You can lead a horse to water, but you cannot make it drink.
Quite a phrase, isn’t it? I imagine a young mother reciting those words while attempting to feed her stubborn toddler. I picture a senior salesman lending this advice to a new recruit before making his first sales pitch. What causes someone to utter these words? Generally, it is a way of relieving a frustrating situation such as the mother feeding her child. Other times, it is a reality check for someone like the young salesman. Little more thought goes into dissecting this phrase. However, I will indulge myself.
You can lead a horse to water. Who is involved in this situation? You have some person, most likely the horse’s owner or caretaker, who is in control of the horse. The audience with fresh ears assumes this person (let’s call him Eric) has almost total control of the beast. Eric cares for the horse and wants the horse to drink water. Water is refreshing. It cools a hot body as it rolls down the throat. It cleanses grime off of calloused hands after a hard day’s work. Most importantly, water is a necessity for life. Who wouldn’t want water? Even if I am not thirsty, I still find myself enjoying a nice glass of water. If you lead a horse to water, the horse will obviously drink, right?
You cannot make it drink. The listener is caught off guard. “What do you mean I can’t make it drink? The horse’s face is almost touching the water already. I would drink the water! Why won’t the horse?” Eric is irritated. Imagine him pointing trying to direct the horse’s gaze to the water. Perhaps, he gets on his knees and acts like a dog lapping at the water hoping the horse will imitate. To goad the horse, maybe he forces the horse’s snout closer to the water until it yields to the pressure. Whatever Eric does, the horse refuses to drink. It’s hopeless. Eric simply cannot impose his will onto the horse.
This old proverb is simple to understand. As Phrase Finder explains, “People, like horses, will only do what they have a mind to do.” Yet, I still have a question eating away at me: for what specific reason does the horse not drink? The most realistic answer is that the horse was not thirsty. What if the horse was thirsty and wanted a nice Coca-Cola instead? The horse really hated tasteless water and refused to drink until some lemonade powder was stirred into the liquid. Perhaps, the horse had a fear of water and wanted nothing more than to run as far away from it as possible. Even worse, the horse was living a difficult life and was contemplating plunging its head into the water in order to end it all.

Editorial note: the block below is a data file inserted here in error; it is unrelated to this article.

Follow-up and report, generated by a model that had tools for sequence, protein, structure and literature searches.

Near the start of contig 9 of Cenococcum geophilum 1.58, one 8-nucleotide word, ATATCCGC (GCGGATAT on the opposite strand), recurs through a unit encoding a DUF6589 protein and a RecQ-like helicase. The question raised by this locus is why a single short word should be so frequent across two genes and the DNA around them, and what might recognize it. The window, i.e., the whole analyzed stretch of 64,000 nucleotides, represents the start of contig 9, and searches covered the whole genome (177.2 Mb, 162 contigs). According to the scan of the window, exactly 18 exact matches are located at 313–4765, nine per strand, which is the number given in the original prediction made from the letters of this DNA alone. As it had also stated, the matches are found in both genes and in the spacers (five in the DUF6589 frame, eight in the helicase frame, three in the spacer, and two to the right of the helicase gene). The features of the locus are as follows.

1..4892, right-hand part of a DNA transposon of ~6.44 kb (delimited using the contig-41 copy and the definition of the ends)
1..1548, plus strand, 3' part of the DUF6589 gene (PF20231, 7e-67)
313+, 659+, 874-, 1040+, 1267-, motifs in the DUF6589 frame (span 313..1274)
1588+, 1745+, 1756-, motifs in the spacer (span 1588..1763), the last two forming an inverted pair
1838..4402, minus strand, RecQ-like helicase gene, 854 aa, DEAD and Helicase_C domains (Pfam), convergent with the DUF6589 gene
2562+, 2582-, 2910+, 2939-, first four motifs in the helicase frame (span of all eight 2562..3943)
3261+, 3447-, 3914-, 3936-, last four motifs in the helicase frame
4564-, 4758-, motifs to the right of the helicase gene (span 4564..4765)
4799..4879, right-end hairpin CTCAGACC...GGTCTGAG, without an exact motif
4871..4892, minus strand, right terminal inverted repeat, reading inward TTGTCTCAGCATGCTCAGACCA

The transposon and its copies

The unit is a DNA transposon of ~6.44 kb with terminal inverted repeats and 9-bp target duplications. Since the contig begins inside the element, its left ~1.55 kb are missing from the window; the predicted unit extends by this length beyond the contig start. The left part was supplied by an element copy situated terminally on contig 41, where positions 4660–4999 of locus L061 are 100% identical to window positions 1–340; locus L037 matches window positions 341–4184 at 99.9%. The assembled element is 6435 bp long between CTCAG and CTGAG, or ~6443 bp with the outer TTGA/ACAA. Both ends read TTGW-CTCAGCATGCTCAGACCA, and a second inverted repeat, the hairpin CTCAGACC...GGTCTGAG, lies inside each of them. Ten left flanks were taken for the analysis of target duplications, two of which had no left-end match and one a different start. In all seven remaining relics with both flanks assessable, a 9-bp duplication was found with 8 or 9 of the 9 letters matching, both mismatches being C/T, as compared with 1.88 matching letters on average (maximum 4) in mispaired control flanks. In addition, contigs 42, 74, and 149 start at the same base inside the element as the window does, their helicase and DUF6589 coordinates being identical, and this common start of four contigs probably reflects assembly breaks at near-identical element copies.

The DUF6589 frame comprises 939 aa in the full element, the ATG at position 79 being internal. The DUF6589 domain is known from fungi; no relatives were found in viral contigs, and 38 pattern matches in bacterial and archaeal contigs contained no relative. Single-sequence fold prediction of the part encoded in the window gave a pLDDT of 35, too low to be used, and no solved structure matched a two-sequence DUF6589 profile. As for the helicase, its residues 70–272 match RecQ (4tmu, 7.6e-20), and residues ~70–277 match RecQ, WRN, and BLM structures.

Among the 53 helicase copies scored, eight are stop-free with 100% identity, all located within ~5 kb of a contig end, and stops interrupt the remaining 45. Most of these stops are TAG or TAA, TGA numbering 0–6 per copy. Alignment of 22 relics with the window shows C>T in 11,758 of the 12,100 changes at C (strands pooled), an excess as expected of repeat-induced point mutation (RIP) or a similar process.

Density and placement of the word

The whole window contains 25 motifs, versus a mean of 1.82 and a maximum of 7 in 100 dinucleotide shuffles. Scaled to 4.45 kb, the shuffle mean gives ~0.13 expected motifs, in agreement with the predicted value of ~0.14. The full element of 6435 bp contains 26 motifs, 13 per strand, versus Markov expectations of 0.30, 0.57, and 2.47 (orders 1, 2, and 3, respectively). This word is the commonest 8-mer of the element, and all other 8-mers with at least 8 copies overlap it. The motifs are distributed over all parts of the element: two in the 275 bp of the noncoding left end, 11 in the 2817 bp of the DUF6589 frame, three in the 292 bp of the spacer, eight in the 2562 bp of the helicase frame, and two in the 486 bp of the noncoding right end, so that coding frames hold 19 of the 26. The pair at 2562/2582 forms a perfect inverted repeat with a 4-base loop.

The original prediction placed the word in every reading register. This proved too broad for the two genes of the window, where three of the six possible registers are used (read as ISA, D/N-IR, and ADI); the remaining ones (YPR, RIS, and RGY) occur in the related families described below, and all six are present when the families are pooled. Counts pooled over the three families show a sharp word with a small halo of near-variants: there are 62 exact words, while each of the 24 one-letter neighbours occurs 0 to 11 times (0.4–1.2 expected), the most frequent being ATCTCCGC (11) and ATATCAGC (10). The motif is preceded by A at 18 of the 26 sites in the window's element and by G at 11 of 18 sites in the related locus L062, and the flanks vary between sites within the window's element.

Anytime someone uses this phrase, they are evidently not referring to a horse. The mother is thinking of her child’s health, the elder employee wants to see his co-worker excel, and the concerned friend wants to see his old pal escape from a reckless life…but you cannot make them drink. You have done everything in your power to coax them into enjoying the cool, life-giving water, and they will never yield. What is left to do?
I honestly wish I had an answer. Well, I do have an answer, and it’s very cliché. Never give up. Keep trying. In time, your relentless care will break them down, and everybody lives happily ever after. Yet, this is very hard to say when one finds himself in such a situation. Sad endings happen. Even after long nights of prayer and petition to God, tragedy strikes. No matter how badly you want something to change for the better, the worst occurs.
Here is my last word. The water is good. Please, drink.
Jesus answered her, “If you knew the gift of God and who it is that asks you for a drink, you would have asked him and he would have given you living water.”
“Sir,” the woman said, “you have nothing to draw with and the well is deep. Where can you get this living water? Are you greater than our father Jacob, who gave us the well and drank from it himself, as did also his sons and his livestock?”
Jesus answered, “Everyone who drinks this water will be thirsty again, but whoever drinks the water I give them will never thirst. Indeed, the water I give them will become in them a spring of water welling up to eternal life.”